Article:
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i am going to be storing some text in a database. The text happens to be xml.

i'm only storing and reading the "blob" of text (i am not using any of the xml querying or indexing facilities).

Is there any advantage to declaring the column as xml:

CREATE TABLE docs (pk INT PRIMARY KEY, xCol XML not null)

rather than nvarchar(max):

CREATE TABLE docs (pk INT PRIMARY KEY, xCol NVARCHAR(max) not null)    

i figure that if i give SQL Server the hint that the text is actually xml, then it can apply compression for more efficient storage.

Note: The third option is for me to compress the text client-side and store the data in a varbinary(max) blob column.

share|improve this question
Possible dupe:… – Tim Lehner May 3 '12 at 17:24
Using the XML datatype, your data is not stored in text format - it's "tokenized" and stored in a more optimal way. So yes - if you do have XML - do store it as XML (you can also use the XQuery methods directly on an XML column without conversions and messy stuff) – marc_s May 3 '12 at 18:17
up vote 0 down vote accepted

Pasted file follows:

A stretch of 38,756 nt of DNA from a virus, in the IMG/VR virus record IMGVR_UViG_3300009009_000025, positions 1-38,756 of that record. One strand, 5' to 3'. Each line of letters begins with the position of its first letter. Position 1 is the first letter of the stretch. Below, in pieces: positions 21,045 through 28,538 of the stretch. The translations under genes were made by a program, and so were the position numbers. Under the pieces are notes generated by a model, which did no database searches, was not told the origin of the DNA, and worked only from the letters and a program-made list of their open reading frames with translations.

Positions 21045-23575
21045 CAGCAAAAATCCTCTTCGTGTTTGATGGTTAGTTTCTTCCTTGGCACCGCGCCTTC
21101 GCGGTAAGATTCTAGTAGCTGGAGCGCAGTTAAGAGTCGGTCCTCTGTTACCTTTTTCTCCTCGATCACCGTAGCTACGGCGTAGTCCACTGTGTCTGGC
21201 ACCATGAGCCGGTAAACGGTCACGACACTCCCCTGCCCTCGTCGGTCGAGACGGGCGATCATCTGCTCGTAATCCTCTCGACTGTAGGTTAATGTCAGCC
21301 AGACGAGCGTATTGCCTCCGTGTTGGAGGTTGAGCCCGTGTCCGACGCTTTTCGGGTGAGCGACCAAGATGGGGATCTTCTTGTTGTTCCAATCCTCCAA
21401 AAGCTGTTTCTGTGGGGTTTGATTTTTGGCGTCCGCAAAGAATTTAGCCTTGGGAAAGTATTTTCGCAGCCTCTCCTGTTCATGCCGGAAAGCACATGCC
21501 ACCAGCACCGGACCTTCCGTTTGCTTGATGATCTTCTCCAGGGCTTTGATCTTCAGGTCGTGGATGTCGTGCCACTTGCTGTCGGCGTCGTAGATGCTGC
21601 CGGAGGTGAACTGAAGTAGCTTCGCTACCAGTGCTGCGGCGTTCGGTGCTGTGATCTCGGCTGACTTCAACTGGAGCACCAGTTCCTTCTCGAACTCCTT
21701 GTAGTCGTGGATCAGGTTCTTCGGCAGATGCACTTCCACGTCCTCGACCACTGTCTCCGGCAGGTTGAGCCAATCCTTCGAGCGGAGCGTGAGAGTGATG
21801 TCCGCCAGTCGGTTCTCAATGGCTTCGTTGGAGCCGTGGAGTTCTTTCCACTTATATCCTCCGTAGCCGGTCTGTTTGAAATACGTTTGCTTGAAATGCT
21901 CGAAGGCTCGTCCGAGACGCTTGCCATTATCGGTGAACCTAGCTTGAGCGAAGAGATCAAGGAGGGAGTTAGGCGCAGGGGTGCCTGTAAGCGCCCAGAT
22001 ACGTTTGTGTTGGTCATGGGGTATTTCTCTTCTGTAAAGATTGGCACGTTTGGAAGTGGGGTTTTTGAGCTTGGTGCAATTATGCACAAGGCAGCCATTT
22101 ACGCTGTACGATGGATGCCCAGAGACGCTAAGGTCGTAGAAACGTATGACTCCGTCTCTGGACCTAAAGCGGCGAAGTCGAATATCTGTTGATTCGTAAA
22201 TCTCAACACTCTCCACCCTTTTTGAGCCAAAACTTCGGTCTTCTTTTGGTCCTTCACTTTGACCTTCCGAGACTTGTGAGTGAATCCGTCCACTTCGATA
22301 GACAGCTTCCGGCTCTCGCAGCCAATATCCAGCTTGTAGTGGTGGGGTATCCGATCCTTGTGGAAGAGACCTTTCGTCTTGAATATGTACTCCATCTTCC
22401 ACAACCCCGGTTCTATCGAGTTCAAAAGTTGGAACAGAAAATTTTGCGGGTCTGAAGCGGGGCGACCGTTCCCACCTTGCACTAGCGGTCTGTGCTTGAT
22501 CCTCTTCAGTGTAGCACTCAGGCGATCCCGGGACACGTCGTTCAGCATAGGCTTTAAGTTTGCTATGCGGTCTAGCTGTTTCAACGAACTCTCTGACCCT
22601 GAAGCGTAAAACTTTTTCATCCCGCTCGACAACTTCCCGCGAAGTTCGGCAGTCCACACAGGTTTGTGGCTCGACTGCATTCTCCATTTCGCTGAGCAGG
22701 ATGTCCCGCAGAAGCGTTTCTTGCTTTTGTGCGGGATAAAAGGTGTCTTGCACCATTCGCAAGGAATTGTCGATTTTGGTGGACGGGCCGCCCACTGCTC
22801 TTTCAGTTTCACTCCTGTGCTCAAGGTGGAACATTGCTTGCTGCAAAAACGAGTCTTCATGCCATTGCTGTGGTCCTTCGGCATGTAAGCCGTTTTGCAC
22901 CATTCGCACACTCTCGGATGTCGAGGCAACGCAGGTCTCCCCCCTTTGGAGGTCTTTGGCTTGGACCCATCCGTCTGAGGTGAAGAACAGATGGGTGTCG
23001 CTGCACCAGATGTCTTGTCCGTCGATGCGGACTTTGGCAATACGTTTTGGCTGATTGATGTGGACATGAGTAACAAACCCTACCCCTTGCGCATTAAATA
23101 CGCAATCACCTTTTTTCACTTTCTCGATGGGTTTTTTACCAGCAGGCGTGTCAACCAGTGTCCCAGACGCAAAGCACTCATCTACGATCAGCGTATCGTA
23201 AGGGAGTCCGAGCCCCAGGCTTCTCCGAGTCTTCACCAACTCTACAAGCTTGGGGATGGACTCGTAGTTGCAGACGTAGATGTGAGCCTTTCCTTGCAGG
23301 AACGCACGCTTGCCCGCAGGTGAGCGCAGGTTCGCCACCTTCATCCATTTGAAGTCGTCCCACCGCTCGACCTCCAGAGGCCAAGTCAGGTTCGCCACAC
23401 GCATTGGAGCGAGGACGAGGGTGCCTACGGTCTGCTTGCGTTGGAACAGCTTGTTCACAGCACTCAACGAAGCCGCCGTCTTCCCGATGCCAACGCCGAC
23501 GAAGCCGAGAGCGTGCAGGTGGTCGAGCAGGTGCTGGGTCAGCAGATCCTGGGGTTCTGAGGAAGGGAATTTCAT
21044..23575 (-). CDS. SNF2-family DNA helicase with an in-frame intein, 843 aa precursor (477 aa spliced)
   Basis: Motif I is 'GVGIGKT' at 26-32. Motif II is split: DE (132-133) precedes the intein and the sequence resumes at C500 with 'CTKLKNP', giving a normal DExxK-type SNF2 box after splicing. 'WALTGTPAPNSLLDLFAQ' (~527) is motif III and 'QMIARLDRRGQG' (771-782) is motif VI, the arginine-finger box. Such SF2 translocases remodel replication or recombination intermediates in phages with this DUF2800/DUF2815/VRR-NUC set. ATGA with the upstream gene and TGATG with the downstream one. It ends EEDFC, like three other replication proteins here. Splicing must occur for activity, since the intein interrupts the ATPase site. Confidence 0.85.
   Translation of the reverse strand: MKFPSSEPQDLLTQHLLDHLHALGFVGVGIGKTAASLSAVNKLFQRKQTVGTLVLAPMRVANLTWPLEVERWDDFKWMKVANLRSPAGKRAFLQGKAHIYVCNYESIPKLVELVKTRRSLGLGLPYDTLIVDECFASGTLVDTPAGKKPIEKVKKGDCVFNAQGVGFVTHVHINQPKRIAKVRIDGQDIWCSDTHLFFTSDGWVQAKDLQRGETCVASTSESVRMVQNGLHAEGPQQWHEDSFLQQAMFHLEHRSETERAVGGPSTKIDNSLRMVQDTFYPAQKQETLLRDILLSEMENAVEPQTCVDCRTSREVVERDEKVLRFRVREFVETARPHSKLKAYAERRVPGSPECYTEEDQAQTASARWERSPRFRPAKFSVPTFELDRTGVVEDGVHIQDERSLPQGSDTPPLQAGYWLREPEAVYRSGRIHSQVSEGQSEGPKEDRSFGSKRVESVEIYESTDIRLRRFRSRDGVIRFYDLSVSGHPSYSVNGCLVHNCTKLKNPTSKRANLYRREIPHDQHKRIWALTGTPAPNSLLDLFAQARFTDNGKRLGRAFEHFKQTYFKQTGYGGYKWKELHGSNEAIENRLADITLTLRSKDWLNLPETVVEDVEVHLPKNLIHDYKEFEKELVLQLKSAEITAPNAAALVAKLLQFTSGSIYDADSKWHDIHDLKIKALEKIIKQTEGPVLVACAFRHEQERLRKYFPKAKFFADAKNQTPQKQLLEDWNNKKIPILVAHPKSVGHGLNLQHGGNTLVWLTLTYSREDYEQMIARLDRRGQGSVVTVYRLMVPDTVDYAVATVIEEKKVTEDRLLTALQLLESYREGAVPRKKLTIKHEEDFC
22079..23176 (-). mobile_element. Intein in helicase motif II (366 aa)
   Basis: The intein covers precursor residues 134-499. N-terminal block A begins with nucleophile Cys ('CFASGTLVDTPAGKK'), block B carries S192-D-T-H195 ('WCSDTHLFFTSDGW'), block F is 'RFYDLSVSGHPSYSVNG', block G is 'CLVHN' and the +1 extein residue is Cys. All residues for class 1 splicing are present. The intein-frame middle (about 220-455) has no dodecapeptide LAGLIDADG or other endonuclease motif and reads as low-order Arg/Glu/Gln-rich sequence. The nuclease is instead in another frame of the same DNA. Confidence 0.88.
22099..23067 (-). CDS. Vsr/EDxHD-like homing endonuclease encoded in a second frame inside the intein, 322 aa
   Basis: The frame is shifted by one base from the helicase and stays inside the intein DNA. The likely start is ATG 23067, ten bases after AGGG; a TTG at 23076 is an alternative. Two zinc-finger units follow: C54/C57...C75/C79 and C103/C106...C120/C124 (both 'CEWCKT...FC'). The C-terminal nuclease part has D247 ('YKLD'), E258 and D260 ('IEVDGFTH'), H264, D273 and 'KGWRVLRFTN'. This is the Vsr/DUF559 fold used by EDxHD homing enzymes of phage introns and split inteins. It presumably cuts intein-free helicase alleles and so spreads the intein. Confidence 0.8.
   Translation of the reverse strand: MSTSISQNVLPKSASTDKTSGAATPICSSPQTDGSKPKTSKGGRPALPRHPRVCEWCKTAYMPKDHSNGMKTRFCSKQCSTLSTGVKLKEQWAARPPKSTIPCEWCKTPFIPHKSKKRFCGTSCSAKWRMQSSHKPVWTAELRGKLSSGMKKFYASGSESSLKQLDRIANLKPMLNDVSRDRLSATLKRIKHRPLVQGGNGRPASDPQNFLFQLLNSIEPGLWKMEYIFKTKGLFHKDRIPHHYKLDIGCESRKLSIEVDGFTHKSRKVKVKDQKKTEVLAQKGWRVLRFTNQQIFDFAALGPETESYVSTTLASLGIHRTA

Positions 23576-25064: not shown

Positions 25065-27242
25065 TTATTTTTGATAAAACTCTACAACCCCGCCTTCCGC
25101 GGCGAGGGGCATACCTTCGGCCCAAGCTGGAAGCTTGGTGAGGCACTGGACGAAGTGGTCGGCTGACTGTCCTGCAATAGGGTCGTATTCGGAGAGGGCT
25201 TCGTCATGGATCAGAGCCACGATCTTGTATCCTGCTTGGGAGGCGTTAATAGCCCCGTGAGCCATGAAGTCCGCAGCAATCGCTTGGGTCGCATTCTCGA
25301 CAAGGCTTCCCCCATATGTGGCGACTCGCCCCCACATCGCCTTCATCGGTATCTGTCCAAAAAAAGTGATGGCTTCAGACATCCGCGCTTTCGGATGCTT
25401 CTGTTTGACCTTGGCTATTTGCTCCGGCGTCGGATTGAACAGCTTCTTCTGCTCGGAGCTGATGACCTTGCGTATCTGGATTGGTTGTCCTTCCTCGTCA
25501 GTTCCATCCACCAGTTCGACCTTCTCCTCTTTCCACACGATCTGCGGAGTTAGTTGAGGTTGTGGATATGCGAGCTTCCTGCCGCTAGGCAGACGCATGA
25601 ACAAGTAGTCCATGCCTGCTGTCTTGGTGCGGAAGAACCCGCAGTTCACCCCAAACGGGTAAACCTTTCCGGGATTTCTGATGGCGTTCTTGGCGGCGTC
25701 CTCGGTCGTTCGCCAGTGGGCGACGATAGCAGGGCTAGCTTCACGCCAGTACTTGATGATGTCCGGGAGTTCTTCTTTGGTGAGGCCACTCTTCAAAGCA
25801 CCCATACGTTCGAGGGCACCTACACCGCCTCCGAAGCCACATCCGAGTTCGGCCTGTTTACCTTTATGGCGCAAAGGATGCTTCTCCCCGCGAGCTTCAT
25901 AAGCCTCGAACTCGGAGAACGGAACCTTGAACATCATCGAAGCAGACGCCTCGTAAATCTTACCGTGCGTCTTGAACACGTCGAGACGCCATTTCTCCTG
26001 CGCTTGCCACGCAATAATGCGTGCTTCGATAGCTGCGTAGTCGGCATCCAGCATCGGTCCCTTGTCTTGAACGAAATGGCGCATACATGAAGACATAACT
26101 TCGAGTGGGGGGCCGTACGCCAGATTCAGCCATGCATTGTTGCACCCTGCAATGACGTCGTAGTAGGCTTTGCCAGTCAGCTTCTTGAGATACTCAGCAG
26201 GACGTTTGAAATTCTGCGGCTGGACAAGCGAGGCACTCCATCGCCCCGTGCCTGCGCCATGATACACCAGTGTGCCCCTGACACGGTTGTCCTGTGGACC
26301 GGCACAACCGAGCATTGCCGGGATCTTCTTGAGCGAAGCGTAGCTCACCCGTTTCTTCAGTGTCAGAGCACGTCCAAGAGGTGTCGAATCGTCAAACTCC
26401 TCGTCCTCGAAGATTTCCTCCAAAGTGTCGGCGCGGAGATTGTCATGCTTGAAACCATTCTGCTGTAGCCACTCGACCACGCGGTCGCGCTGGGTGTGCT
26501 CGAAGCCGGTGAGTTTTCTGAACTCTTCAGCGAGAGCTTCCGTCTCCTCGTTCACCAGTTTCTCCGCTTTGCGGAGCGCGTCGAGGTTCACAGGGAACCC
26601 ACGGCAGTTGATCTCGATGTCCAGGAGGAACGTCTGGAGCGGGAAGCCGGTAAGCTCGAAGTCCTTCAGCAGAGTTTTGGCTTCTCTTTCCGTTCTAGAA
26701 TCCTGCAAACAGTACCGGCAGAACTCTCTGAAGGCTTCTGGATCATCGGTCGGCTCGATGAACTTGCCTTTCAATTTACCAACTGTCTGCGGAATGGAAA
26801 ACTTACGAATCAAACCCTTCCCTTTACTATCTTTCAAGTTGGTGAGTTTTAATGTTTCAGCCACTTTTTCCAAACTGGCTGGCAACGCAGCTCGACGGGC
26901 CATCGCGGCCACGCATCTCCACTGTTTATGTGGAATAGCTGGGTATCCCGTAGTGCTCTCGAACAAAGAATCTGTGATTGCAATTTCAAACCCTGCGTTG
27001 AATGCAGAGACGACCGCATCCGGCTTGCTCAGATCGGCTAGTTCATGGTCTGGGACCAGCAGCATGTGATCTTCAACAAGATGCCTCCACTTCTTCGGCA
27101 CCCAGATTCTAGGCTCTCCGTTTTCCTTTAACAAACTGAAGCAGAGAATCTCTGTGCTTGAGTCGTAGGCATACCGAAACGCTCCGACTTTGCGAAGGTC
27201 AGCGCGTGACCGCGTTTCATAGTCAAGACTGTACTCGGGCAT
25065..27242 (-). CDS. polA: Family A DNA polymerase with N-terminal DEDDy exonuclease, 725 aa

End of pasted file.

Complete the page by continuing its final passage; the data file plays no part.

Storing this as XML will most likely result in smaller storage size than nvarchar (I have found this to be true, at least due to removing irrelevant white space and other such formatting). However, SQL server will check that the XML is well-formed before each insert and update, so you can potentially suffer a performance penalty at those times. I would argue that this check is also an advantage like any data-type check.

share|improve this answer
Hmmm, i never considered the downside that SQL Server might alter the XML; removing whitespace, randomizing the order of attributes, etc. Is it a given that SQL Server will likely modify the original xml? – Ian Boyd May 3 '12 at 17:45
There are some ways to retain your formatting, though I'm not a big fan (and would rather re-format in c# or something anyway). This would presumably increase the size of the XML stored. I have not personally seen SQL Server alter the order of elements or attributes. – Tim Lehner May 3 '12 at 17:59
Well it's forbidden to alter the order of elements, or that would cause the XML to become invalid (based on its schema). But XML has no such ordering requirement on attributes, "the order of attribute specifications in a start-tag or empty-element tag is not significant" – Ian Boyd May 3 '12 at 18:10
Yes, I understand. marc_s perhaps said it best, above. Another way to look at it is that XML uses more CPU but less I/O. As always, you'd have to test in your own environment to see the exact trade-offs and determine if they are worth it. – Tim Lehner May 3 '12 at 19:43
Accepted answer as "Yes, but don't do it if you don't want your xml modified behind your back." – Ian Boyd May 16 '12 at 19:27

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